Understanding health anxiety
Health anxiety is when you spend so much time worrying that you are unwell, or about to become unwell, that it starts to take over your life.
As COVID-19 continues to gain momentum across the globe, it is understandable that individuals may be feeling increasingly anxious about their health.
The continuous media coverage, as well as the many personal stories and experiences shared on social media, are to be expected during times of a major event.
While most people will experience some level of anxiety, it becomes problematic when it impacts our day-to-day thoughts and actions.
Anxiety itself can cause symptoms such as headaches or a racing heartbeat which may then be mistaken for signs of illness.
What are the signs of health anxiety?
- Constantly worrying about your health
- Frequently checking for signs and symptoms such as taking your temperature
- Asking others for reassurance that you are not unwell
- Looking obsessively at health information on social media or in news articles
- Acting as if you were unwell by avoiding certain activities or going out in public places
- Keep a diary – note how frequently you check yourself for symptoms, ask others for reassurance or look at health information. Try to gradually reduce the frequency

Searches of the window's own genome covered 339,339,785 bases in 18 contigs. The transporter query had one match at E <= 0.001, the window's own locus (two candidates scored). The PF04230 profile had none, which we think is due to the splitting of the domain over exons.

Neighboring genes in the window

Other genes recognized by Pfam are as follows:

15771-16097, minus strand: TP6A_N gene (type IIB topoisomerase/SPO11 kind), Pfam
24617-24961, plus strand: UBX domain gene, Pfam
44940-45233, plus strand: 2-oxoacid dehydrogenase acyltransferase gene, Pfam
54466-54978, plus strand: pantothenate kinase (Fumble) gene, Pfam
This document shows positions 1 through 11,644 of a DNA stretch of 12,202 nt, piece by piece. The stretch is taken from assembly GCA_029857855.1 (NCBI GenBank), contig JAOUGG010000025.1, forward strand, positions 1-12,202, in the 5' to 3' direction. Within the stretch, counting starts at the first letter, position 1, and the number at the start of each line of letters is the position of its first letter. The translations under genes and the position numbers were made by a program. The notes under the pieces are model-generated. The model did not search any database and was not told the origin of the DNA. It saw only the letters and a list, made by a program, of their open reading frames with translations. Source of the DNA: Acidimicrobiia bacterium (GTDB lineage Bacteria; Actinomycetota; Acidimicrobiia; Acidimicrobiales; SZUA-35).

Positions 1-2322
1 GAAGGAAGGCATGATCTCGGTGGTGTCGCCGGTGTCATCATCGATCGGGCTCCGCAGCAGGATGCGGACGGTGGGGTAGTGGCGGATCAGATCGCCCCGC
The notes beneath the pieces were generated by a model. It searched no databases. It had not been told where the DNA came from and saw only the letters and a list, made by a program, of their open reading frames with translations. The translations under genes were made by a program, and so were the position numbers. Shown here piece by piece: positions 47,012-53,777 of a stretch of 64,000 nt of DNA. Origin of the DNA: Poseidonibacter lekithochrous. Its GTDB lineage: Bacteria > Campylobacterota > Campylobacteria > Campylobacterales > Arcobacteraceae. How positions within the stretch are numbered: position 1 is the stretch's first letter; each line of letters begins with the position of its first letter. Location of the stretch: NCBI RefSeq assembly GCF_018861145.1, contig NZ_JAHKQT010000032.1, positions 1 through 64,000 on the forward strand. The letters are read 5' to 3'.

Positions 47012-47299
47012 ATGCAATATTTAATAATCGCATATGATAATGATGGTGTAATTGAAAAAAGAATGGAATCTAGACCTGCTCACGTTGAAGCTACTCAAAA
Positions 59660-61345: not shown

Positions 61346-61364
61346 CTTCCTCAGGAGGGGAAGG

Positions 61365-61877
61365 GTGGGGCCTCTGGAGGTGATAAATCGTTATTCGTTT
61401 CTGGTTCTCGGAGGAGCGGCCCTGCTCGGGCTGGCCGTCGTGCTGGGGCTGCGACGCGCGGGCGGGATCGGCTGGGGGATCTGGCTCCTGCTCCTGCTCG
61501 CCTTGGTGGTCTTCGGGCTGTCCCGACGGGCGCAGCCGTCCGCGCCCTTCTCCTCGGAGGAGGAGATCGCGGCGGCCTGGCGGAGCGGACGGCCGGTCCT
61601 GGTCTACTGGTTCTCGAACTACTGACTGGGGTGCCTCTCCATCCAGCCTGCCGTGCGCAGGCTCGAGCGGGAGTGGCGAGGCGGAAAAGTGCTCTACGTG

- Write down your concerns – find some quiet time and write down each your health concerns. Next to each one, then write down a more balanced thought about each concern
- Return to normal activities – gradually start doing things you may have stopped, as long as it is safe to do so
- Practice good hygiene – ensure you are following all of the identified hygiene practices
- Keep busy with other activities – each time you find yourself looking to check on your systems try to distract yourself with another activity such as going for a walk
- Switch off – it can be easy to get addicted to monitoring the news and social media every few minutes. Try to limit your exposure and only view reputable information
- Practice relaxation strategies – make sure you are getting sufficient rest, and draw on practices such as mindfulness or breathing exercises
- Reach out for help – if you are concerned talk with your GP, a trusted friend or call your EAP